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next() in Java from The art of computer programming

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xkcd: Random NumberI have always used Random’s nextInt() or nextLong(). So was curious on how “random” is it actually? Then I found this protected method next().

protected int next(int bits)


Implementation of via Google code:

    protected int next(int bits) {
        long oldseed, nextseed;
        AtomicLong seed = this.seed;
        do {
            oldseed = seed.get();
            nextseed = (oldseed * multiplier + addend) & mask;
        } while (!seed.compareAndSet(oldseed, nextseed));
        return (int)(nextseed >>> (48 - bits));

The general contract of next is that it returns an int value and if the argument bits is between 1 and 32 (inclusive), then that many low-order bits of the returned value will be (approximately) independently chosen bit values, each of which is (approximately) equally likely to be 0 or 1. The method next is implemented by class Random by atomically updating the seed to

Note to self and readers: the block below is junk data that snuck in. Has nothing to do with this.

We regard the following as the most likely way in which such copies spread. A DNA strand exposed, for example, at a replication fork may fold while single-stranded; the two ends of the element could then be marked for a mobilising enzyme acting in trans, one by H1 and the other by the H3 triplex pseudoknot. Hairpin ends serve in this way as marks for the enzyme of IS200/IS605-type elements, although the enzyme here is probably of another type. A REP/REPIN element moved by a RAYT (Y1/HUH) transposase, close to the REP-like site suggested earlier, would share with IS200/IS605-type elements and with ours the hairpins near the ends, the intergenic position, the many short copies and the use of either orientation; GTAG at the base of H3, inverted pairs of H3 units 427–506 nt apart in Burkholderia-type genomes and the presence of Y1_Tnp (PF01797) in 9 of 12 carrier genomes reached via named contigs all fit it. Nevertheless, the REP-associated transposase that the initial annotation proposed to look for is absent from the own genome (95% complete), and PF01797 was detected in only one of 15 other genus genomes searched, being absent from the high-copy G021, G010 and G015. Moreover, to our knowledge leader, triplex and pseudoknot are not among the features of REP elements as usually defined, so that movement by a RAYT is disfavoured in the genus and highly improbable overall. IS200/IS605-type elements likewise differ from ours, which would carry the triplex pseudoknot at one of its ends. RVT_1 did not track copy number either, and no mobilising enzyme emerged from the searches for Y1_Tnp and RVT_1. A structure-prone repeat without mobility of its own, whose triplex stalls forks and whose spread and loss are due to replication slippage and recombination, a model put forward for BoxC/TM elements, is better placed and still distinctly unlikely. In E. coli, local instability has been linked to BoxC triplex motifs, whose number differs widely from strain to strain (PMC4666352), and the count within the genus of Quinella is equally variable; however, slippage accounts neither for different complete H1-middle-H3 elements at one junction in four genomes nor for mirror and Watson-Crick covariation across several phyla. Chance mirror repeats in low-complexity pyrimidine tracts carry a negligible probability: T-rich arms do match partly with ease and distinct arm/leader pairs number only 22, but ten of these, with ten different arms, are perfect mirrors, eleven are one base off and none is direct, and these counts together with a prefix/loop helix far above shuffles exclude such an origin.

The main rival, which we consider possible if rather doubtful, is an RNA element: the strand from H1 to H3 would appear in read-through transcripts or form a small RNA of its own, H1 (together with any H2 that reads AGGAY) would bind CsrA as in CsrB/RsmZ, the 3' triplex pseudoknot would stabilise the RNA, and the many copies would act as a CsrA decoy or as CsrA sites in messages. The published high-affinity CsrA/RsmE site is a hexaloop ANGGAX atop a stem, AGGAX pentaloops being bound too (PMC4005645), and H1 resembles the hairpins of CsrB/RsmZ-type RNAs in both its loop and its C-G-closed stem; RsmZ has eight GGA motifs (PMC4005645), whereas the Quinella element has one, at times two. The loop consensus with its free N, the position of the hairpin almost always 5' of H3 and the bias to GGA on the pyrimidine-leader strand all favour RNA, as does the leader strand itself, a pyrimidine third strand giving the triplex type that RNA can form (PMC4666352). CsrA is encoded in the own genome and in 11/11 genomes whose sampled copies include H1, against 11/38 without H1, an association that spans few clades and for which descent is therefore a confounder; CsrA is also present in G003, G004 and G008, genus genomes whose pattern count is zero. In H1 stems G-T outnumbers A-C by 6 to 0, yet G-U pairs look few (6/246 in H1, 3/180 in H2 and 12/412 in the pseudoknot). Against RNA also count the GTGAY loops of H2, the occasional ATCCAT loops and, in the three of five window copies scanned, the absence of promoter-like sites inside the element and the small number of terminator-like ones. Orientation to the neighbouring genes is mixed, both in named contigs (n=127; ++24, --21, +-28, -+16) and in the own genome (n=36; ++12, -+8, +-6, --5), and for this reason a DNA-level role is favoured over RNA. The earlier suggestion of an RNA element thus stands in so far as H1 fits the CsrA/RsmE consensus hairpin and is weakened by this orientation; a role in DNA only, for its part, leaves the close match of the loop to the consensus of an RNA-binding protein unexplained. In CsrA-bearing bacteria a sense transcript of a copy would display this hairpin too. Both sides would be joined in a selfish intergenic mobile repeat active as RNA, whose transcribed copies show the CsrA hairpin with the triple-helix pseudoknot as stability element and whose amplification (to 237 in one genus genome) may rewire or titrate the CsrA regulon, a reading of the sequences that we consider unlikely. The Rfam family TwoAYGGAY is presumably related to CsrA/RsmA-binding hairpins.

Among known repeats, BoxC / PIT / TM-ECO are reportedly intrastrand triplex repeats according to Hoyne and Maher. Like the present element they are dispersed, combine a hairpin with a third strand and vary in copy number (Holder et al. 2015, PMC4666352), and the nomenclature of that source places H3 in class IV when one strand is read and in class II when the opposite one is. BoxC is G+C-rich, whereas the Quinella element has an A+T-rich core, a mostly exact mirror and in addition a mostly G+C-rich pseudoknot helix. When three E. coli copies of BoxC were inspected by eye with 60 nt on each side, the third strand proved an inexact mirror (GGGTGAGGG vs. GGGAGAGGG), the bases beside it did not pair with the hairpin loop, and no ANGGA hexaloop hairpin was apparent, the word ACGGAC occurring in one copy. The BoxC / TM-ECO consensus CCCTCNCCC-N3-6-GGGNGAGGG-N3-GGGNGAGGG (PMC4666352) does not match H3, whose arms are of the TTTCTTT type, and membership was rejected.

(seed * 0x5DEECE66DL + 0xBL) & ((1L << 48) - 1)

and returning

(int)(seed >>> (48 - bits))

This is a linear congruential pseudorandom number generator, as defined by D. H. Lehmer and described by Donald E. Knuth in The Art of Computer Programming, Volume 3: Seminumerical Algorithms, section 3.2.1.


EDIT: Something even more interesting: Why this code is giving strange result? So Random?

Link to JavaDocs for Random.

Written by Utkarsh

August 1st, 2011 at 11:47 pm

Posted in Technology

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